THE COURT OF THE VICEROY

The Story of Estevanico


By Marshall C. Harrold


A Page:


Your highness, here are the wanderers from the northland.
They arrived this day with a slave train from the west.
They claim they were exploring for our King,
But now seek simple lodging you might think best.

Don Antonio Mendoza:

Welcome, gentlemen, from your long and arduous journey.
We thank our Gracious Lord who led your way.
Tomorrow there shall be a celebration
To honor you with a special kind of day.

You have suffered through a terrifying period.
You must rest now and regain a peaceful state,
Then later in a very private hearing
We shall listen to the tales vou can relate.

Cabeza de Vaca:

Your honor, we are grateful just to be here.
Our faith has led us forward like a bell.
We praise our Lord for being our protector,
He has kept us through those years of living hell.

I must report the sorry woes of misadventure
That befell our expedition from the start.
Our King must know this land of great potential,
Thus for Spain and home then, let us soon depart.

Mendoza:

Come back then when you are fully ready,
There are many things that we should understand.
My duties are the wishes of the Crown
To make New Spain a rich and prosperous land

A later meeting.

Cabeza de Vaca reports:

The places we have travelled are enormous,
They extend far more than any man has known.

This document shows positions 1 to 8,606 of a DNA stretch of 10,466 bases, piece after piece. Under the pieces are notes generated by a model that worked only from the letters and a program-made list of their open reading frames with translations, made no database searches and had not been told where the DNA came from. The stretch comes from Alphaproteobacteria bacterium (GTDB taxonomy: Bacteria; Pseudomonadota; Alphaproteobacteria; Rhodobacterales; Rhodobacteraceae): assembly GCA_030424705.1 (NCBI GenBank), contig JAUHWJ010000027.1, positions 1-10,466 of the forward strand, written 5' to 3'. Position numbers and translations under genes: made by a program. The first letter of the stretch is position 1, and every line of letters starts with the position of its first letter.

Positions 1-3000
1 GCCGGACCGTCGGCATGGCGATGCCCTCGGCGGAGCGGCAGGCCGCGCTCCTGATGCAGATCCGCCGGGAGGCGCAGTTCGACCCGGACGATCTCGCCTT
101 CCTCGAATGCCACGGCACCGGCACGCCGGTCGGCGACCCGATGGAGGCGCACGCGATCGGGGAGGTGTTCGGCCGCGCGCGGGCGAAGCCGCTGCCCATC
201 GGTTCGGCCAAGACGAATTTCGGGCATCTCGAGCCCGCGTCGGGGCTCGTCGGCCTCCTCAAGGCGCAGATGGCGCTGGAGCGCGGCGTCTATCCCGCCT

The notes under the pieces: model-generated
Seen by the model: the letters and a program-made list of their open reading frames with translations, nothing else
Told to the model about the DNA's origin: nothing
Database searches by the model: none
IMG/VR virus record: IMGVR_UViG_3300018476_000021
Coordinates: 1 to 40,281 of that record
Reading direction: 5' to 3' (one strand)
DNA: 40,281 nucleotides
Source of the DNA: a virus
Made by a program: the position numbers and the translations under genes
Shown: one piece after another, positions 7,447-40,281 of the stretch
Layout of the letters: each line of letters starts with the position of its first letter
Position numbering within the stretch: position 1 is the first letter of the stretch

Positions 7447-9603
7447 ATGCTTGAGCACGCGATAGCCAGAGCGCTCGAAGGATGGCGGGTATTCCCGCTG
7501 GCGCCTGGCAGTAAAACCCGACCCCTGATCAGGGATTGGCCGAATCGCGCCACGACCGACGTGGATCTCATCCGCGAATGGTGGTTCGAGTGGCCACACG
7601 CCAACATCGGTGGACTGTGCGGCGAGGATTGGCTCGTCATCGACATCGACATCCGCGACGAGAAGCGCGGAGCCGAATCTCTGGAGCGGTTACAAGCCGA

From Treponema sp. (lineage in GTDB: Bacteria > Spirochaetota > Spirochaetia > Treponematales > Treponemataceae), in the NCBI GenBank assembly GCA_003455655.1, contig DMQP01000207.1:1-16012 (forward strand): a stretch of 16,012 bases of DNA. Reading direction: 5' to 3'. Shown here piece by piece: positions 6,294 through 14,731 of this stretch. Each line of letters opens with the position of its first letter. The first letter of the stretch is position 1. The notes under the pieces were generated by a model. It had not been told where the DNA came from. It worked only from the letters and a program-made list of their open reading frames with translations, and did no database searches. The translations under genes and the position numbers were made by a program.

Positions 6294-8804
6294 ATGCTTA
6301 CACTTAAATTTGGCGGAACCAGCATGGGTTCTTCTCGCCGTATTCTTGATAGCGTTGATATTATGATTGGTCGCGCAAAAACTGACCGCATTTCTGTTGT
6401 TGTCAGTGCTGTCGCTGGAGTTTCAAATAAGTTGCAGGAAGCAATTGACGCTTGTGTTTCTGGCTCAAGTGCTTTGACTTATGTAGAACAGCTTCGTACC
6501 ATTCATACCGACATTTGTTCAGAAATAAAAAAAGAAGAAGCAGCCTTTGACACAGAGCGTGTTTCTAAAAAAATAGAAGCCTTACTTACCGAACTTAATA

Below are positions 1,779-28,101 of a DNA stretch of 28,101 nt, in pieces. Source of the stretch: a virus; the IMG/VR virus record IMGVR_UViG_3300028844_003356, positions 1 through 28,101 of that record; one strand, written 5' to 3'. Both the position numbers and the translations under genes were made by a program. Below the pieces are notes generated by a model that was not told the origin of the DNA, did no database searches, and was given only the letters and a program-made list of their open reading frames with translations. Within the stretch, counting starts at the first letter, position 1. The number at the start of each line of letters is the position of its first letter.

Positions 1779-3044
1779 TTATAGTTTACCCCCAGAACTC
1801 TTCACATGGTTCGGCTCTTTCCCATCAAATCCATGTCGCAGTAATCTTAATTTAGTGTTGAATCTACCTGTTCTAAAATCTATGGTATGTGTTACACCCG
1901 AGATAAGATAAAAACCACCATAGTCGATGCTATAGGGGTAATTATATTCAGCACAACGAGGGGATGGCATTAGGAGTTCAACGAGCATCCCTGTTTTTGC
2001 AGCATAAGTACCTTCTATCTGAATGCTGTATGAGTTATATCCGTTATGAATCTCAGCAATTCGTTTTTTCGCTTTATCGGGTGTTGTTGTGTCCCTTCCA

The natives almost always were quite friendly
But the virtues of our Church nust now be shown.

Slavery cannot longer be continued,
The Indians must be assured that wars will cease.
Then let our Christian Faith be most progressive
And teach them all the way to lasting peace,

Yes, we saw towns, we saw houses with many people
And fertile crops of many kinds abound.
We saw cotton cloth and leather hides of cattle
But signs of gold and silver we never found.

These many years and many miles have been exhausting,
The report of all these things must be begun.
My waining strength must take me to the homeland
Where the record for the King can patiently be done.

Castillo:

No more will I explore this endless country
Where only luck can keep one from great harm.
I will wed a wealthy widow from the city
And explore the many reasons for her charm.

Dorantes:

No more will I explore those mighty mountains,
Nor walk again those miles on endless miles.
I too will seek another wealthy widow
And revel in the beauty of her smiles.

Estevanico:

Your honor, I alone am left to do your bidding.
I will gladly guide the way to distant lands.
There is a whole New World there to be fashioned,
As a free man, I can go with helping hands.


NEXT: MEXICO CITY - SUMMER, 1536


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